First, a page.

If you’ve been reading my blog for a while, you’ve probably noticed that I try to dispel myths and switch the focus to learning how to eat in a healthy way (balance, variety, moderation, enjoyable) versus obsessing over any one ingredient, food or food group.
Recently I enjoyed an afternoon with a group of women. The topic of using pre-shredded cheese came up: “I don’t buy pre-shredded cheese. You should always just shred your own.” I, and the other registered dietitian in the room, exchanged glances, knowing we were both thinking: “Why would you avoid this product?”
“Because it has cellulose in it.”
We told them they shouldn’t worry about it. Two things –
- If you want to always shred your own cheese, fine. Go for it!
- But don’t make choices based on an unwarranted fear of something on an ingredient label. Instead, start asking yourself some questions: What is this ingredient and is it harmful? Is using this product going to help me eat a better diet overall (perhaps allow you more time to cook a meal at home, or allow you the ease to have ingredients on hand). Is avoiding this product going to significantly improve my dietary intake and health?
As registered dietitians, we’re trained in food and nutrition, but also continue to read, review, and take courses to stay up to date on the many aspects of our food supply, human eating behavior, and the applications of clinical nutrition. This information is delivered to our inbox every day. Some critics think we’re all in bed with the food industry (I’m not sure I even know what that means since our training includes study of “food” and nutrition). The bottom line is – people eat. It’s our job to know about the human body’s function as well as what’s in food. Our goal is to help consumers understand the potential benefits or harm from eating too much or too little of various foods.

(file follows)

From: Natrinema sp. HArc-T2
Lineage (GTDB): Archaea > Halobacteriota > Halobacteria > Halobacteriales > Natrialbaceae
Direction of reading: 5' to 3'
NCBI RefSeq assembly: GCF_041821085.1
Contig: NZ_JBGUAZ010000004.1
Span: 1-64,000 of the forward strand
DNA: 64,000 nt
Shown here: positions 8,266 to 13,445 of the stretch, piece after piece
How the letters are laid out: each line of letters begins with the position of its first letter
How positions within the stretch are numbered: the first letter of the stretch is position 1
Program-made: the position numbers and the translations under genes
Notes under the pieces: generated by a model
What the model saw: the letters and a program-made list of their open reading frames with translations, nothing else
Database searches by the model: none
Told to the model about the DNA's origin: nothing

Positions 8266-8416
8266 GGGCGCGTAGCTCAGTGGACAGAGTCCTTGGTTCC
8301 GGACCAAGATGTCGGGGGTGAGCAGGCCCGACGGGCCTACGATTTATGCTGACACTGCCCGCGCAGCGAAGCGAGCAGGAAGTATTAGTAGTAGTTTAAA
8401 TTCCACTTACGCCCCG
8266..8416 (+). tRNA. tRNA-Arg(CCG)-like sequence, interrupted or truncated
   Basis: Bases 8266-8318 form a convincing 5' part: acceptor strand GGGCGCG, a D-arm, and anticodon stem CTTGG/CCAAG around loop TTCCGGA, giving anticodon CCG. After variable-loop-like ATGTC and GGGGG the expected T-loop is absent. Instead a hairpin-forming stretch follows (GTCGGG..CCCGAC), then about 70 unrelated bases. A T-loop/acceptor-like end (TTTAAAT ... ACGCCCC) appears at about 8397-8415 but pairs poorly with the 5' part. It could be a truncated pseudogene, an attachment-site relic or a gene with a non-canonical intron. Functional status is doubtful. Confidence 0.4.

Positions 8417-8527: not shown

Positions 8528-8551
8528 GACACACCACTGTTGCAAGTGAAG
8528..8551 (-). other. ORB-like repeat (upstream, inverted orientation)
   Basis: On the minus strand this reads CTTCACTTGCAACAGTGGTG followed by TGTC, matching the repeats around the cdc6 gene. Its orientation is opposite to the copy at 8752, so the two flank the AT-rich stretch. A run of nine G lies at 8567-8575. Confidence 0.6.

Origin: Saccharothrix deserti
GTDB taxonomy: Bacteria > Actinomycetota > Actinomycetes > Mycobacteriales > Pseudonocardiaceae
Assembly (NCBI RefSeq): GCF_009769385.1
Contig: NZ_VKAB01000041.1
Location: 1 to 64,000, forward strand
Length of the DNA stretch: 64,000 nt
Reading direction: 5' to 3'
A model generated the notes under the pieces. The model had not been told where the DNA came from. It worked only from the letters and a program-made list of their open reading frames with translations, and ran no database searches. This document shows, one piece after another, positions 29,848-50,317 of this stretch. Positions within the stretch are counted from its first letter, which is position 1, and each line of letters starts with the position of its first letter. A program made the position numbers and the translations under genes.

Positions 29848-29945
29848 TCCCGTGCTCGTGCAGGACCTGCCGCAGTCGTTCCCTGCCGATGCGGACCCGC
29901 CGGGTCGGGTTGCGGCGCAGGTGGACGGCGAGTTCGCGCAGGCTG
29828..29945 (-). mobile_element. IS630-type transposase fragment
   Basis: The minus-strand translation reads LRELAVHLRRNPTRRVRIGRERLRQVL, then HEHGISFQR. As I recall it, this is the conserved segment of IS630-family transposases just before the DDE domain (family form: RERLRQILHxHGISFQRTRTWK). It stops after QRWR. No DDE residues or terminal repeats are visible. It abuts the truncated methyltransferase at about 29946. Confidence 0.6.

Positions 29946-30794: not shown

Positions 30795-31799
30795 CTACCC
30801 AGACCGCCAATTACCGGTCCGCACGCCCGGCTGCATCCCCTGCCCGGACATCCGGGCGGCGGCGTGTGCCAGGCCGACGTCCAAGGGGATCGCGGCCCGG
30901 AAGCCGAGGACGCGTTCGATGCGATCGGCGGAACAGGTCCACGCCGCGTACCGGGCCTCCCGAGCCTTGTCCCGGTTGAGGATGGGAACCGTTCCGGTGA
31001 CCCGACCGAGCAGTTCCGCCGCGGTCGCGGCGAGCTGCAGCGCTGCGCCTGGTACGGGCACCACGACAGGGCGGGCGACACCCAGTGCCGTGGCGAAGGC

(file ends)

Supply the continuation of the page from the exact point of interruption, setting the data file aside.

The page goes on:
Packaged shredded cheese is a staple in my refrigerator. I’m a cheese-lover, and always have bricks of cheese in my fridge as well (that I sometimes shred). However for those busy weeknight tacos or quesadillas, or when I need 2 tablespoons for quick flavor booster, (or for a quick-I-have-to-be-at-at-basketball-game-in-30-minutes-lasagna), pre-shredded cheese is a time-saver that works for many households.
So let’s take a look at a typical package of shredded cheese and its ingredient list.
Sargento’s 2% fat 4-Cheese Italian Blend: Reduced fat low moisture mozzarella cheese, reduced fat smoked provolone cheese, asiago medium and/or asiago fresh and Romano cheese, potato starch and powdered cellulose (to prevent caking), natamycin (a mold inhibitor).
Basically, this packaged shredded cheese contains – cheese; and two or three other ingredients that help keep it food-safe and easy to use: Potato Starch, Cellulose, and Natamycin.